Finally available, a high quality book of the original classic edition of Solomon and Solomonic Literature. It was previously published by other bona fide publishers, and is now, after many years, back in print.
This is a new and freshly published edition of this culturally important work by Moncure Daniel Conway, which is now, at last, again available to you.
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Enjoy this classic work today. These selected paragraphs distill the contents and give you a quick look inside Solomon and Solomonic Literature:
Look inside the book:
“It was in my heart to build an house to the name of Jahveh my God; but the word of Jahveh came to me, saying: ‘Thou shalt not build an house unto my name, because thou hast shed much blood upon the earth in my sight; behold a son shall be born unto thee who shall be a man of rest, and I will give him rest from all his enemies round about: for his name shall be Solomon Peaceful, and I will give peace and quietness unto Israel in his days: he shall build an house for my name: and he shall be my son, and I will be his father; and I will establish the throne of his kingdom over Israel for ever.’” ...With regard to the above parallelisms I submit that one of them, at least,—the Judgment of Solomon,—is neither trivial nor based in simple facts, and could not have originated independently of the Indian tale; that the others, though each, if it stood alone, might be a mere coincidence, are too numerous to be so explained; that the time and conditions which rendered it possible that the names of the apes and peacocks (1 Kings x. 22) imported by Solomon should be Indian proves the possibility of importations of tales from the same country.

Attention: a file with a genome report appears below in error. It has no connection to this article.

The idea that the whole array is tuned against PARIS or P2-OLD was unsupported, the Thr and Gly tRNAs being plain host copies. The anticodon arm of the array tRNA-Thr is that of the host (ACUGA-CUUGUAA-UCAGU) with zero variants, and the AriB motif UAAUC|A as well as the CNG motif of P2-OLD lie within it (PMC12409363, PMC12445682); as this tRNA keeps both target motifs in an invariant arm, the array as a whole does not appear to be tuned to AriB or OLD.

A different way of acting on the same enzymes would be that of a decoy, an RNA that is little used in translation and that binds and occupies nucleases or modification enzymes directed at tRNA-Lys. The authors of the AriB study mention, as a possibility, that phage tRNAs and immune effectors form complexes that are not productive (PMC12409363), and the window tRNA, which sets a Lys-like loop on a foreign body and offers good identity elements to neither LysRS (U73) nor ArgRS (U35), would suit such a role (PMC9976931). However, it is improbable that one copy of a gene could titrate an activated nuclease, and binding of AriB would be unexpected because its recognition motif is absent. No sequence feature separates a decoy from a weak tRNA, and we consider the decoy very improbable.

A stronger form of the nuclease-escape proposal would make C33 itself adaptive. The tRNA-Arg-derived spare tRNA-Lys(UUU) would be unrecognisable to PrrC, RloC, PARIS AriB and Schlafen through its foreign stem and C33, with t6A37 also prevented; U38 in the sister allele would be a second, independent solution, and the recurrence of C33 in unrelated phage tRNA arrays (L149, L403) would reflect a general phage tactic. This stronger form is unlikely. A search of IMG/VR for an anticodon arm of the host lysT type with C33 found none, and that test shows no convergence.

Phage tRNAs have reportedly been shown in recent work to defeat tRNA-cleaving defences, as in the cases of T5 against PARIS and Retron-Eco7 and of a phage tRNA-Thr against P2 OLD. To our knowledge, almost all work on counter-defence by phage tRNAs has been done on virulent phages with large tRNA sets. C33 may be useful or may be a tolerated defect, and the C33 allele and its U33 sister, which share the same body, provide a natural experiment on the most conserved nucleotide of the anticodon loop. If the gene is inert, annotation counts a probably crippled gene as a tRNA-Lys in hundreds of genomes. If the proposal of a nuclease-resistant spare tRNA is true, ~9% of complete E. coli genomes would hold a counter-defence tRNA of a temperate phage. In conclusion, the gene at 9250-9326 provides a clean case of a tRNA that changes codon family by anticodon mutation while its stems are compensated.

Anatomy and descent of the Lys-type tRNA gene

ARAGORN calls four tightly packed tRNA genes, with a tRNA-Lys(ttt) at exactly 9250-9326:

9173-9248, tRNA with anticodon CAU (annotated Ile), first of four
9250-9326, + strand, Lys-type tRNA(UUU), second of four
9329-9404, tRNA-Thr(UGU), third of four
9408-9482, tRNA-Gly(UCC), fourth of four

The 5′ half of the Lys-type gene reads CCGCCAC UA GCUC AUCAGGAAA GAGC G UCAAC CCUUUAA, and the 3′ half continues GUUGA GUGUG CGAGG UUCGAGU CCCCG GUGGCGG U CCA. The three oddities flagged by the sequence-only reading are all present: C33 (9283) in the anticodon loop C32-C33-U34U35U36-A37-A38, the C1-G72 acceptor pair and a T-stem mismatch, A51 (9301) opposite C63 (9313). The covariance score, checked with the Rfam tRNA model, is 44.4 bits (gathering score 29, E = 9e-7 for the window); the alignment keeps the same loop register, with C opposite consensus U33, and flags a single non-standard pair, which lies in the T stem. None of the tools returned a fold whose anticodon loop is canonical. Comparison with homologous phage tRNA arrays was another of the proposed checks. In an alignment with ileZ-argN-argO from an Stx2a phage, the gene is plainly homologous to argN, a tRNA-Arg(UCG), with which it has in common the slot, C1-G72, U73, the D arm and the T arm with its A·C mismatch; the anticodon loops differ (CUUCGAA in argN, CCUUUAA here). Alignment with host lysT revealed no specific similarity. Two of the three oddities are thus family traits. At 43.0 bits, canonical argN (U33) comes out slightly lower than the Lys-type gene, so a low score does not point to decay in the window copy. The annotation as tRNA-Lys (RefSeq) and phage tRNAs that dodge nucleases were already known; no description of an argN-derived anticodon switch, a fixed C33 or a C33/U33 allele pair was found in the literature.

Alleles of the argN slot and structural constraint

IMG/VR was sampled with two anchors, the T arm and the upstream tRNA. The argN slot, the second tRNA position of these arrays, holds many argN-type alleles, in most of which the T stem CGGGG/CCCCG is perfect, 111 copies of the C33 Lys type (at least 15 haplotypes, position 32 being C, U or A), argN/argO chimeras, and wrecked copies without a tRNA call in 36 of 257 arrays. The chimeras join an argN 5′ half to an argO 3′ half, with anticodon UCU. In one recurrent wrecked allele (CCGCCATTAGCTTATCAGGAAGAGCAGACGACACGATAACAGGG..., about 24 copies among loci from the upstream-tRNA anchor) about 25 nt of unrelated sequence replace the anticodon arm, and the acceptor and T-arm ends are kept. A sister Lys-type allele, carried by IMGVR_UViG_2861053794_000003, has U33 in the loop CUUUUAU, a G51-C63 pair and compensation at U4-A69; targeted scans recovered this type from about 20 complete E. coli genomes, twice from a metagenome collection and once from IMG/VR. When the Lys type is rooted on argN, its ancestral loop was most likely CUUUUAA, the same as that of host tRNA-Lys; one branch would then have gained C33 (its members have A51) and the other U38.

About Moncure Daniel Conway, the Author:
After graduation from Harvard University, Conway accepted a call to the First Unitarian Church of Washington, D.C., where he was ordained in 1855, but his anti-slavery views brought about his dismissal in 1856. ...After the Civil War broke out, Conway located (in Washington, DC) several dozen of his father's slaves who had fled from Virginia, and escorted them through Maryland - still a slave state - to safety in Ohio.